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Post by White Cube » Thu Dec 01, 2011 8:48 pm

Here are the limited results of comparing S&P 500 future historical vs calculated margin from 1987 to 2009 thanks to the historical data provided here: viewtopic.php?t=6692&highlight=historical+margin+data

You will find the blox I used for margin estimates in the Blox MarketPlace. I used the formula mentioned in my previous post: Margin has been approximated based on 2 times the 5 day average true range multiplied by the big point value. The result has then been averaged over a period of 5 months.

Correlation coefficient: 0.671766

(Note on the second figure that the calculated margin follow the historical more closely from November 3 1997. That is the date of the S&P split. Correlation coefficient : 0.7886)
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Post by AFJ Garner » Fri Dec 02, 2011 3:46 am

Chuck B wrote: STIRs are somewhat special cases since the notional value of the contracts are generally very large in comparison to its volatility (or margin). It's "easy" to ramp up a very large notional values where "normal" volatility-based risk measures would indicate a "small" risk.
Indeed but what is the answer here do you think?

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Post by Chuck B » Fri Dec 02, 2011 5:43 am

AFJ Garner wrote:
Chuck B wrote: STIRs are somewhat special cases since the notional value of the contracts are generally very large in comparison to its volatility (or margin). It's "easy" to ramp up a very large notional values where "normal" volatility-based risk measures would indicate a "small" risk.
Indeed but what is the answer here do you think?
As with many things along these lines, I don't think there is a specific answer. What I've done is simply monitor notional to equity ratios coupled with ATR to arrive at my own understanding of a STIR position. There have been a few times when the position size presented by my system was past my choke point (even though margin was very small of course), and I've used discretion to reduce size to the sleeping point.

Some of the craziest moves in STIRs have of course happened when some crazy stuff was going on that one couldn't help but notice, so using some common since discretion makes sense to me. For example, one of the biggest overnight moves in the Eurodollar happened from Monday of 87 crash into Tuesday. I recall Eckhardt saying that he had a large short ED position on, but that the market was hardly moved on Monday of the crash, so his gut said to simply get out and he did.

Another example is the Short Sterling in 1992. A few months before the BP broke out of its trading bands, there was a nasty gap that smoked out nice shorts in trend systems with a huge exit slip (chart 1 below). Next as yet again trend systems were short during the summer, some crazy up and down volatility started whacking the market around (chart 2). So action like that coupled with knowledge of your net notional exposure can help one's "gut" feel.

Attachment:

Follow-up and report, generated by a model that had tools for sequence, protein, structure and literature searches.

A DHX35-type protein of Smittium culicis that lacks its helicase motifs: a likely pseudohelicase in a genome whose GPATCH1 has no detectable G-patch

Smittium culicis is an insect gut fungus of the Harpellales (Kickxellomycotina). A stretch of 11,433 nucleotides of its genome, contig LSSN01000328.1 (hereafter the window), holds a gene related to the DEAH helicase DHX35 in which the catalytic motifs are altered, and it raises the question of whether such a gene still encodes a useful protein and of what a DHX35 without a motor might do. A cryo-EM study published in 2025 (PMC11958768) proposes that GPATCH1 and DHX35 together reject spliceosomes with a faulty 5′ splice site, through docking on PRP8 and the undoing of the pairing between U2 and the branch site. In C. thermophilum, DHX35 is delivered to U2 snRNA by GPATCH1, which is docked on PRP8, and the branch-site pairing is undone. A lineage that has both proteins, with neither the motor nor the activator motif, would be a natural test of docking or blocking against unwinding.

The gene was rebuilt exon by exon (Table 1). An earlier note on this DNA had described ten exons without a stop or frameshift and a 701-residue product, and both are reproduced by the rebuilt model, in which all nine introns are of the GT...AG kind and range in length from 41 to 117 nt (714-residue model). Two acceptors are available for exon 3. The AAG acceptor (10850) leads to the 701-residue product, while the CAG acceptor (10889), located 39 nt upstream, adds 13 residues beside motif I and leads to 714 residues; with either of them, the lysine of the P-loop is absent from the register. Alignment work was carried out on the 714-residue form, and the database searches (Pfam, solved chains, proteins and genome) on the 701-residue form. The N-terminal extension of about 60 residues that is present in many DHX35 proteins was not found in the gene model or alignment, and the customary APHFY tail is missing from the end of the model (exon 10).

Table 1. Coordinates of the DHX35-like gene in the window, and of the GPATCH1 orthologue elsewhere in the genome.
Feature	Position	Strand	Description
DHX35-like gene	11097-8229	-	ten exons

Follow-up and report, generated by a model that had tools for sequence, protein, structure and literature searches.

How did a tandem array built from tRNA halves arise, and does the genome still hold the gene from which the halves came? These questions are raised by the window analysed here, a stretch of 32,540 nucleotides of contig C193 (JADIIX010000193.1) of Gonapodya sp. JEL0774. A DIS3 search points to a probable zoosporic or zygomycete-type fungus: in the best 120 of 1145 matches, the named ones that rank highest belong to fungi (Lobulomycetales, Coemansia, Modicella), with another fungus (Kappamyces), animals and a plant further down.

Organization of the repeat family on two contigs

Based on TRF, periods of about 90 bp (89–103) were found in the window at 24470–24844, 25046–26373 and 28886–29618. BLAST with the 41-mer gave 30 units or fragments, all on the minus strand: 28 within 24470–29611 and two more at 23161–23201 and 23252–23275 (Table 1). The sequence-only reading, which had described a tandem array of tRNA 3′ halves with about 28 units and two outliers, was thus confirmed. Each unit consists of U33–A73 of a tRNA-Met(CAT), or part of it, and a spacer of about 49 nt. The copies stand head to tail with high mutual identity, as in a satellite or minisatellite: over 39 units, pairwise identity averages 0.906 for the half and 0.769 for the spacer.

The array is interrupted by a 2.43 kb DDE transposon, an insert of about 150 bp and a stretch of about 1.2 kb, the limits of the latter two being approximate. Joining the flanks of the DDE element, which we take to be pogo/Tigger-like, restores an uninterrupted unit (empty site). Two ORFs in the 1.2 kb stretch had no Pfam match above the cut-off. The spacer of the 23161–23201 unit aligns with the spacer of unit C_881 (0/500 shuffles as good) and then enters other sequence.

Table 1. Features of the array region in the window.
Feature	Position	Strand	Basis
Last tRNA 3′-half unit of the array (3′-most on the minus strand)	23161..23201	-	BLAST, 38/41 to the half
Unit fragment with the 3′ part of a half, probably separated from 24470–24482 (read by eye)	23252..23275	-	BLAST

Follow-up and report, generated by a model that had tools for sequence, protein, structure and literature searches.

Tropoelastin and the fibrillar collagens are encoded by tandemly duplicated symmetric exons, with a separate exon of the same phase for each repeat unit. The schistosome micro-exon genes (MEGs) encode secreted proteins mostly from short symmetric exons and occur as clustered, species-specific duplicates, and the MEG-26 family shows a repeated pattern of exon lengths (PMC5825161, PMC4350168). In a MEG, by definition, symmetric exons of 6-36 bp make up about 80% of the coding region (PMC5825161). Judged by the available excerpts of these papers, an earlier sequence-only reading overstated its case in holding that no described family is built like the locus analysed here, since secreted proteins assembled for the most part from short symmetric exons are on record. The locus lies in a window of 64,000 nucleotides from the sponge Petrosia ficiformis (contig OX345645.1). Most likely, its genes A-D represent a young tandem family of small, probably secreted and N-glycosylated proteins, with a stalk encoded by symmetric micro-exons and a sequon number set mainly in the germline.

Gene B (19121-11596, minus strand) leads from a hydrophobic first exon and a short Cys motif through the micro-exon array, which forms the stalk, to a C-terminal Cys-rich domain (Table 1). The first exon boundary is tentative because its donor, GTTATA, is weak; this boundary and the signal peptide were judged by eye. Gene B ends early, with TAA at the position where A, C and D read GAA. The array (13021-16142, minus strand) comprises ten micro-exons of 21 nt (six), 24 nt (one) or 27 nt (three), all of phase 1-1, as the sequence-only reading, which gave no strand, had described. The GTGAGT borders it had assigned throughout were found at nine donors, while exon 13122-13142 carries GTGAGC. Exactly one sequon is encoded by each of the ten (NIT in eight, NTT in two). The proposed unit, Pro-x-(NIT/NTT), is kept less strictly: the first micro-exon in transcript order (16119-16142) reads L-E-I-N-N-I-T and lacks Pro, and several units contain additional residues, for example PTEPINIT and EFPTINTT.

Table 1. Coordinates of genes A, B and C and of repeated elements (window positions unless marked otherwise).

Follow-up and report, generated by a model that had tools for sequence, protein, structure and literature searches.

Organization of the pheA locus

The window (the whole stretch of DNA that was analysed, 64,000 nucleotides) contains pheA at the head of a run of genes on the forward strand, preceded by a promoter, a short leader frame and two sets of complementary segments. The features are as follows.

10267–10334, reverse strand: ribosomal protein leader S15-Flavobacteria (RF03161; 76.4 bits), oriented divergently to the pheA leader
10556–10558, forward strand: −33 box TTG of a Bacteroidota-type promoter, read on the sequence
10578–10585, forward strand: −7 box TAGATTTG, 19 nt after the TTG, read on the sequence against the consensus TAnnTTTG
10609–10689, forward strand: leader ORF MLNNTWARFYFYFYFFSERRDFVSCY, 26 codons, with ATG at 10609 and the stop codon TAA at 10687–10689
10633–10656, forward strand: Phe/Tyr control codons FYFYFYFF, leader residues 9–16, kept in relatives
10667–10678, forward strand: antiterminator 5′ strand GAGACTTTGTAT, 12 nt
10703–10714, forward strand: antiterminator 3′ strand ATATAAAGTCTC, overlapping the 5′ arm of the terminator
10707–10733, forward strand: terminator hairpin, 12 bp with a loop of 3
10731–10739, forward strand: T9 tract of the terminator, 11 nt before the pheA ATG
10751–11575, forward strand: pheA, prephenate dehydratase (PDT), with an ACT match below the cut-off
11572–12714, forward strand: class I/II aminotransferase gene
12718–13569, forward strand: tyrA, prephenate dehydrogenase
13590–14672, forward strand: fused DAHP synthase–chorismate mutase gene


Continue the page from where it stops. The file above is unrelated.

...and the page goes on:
Two weeks into that big volatility expansion and all hell broke loose when the BP busted out (chart 3). Note the huge range bar at the low for the move was a screaming signal to get out (to me, as I use discretion at rare times on both exits and position sizing) and even to get ready to flip to a long-side bias with very tight stops (i.e. using any rising pattern to setup an entry on a long with a close exit -- it's either going to prove itself right away or not type of trade). I'll attach three charts showing this market that year.
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Large range wick at bottom, same open as close, then whoosh...
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Vol expansion begins...
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Spring time massive gap up...
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Post by Aaron01 » Sun Dec 04, 2011 8:52 pm

Chuck B wrote:
AFJ Garner wrote:
Chuck B wrote: STIRs are somewhat special cases since the notional value of the contracts are generally very large in comparison to its volatility (or margin). It's "easy" to ramp up a very large notional values where "normal" volatility-based risk measures would indicate a "small" risk.
Indeed but what is the answer here do you think?
As with many things along these lines, I don't think there is a specific answer. What I've done is simply monitor notional to equity ratios coupled with ATR to arrive at my own understanding of a STIR position. There have been a few times when the position size presented by my system was past my choke point (even though margin was very small of course), and I've used discretion to reduce size to the sleeping point.
I would think that some form of volatility or std dev would be best for STIRs, since a couple hundred bucks of margin can control the notional value of half a million dollars.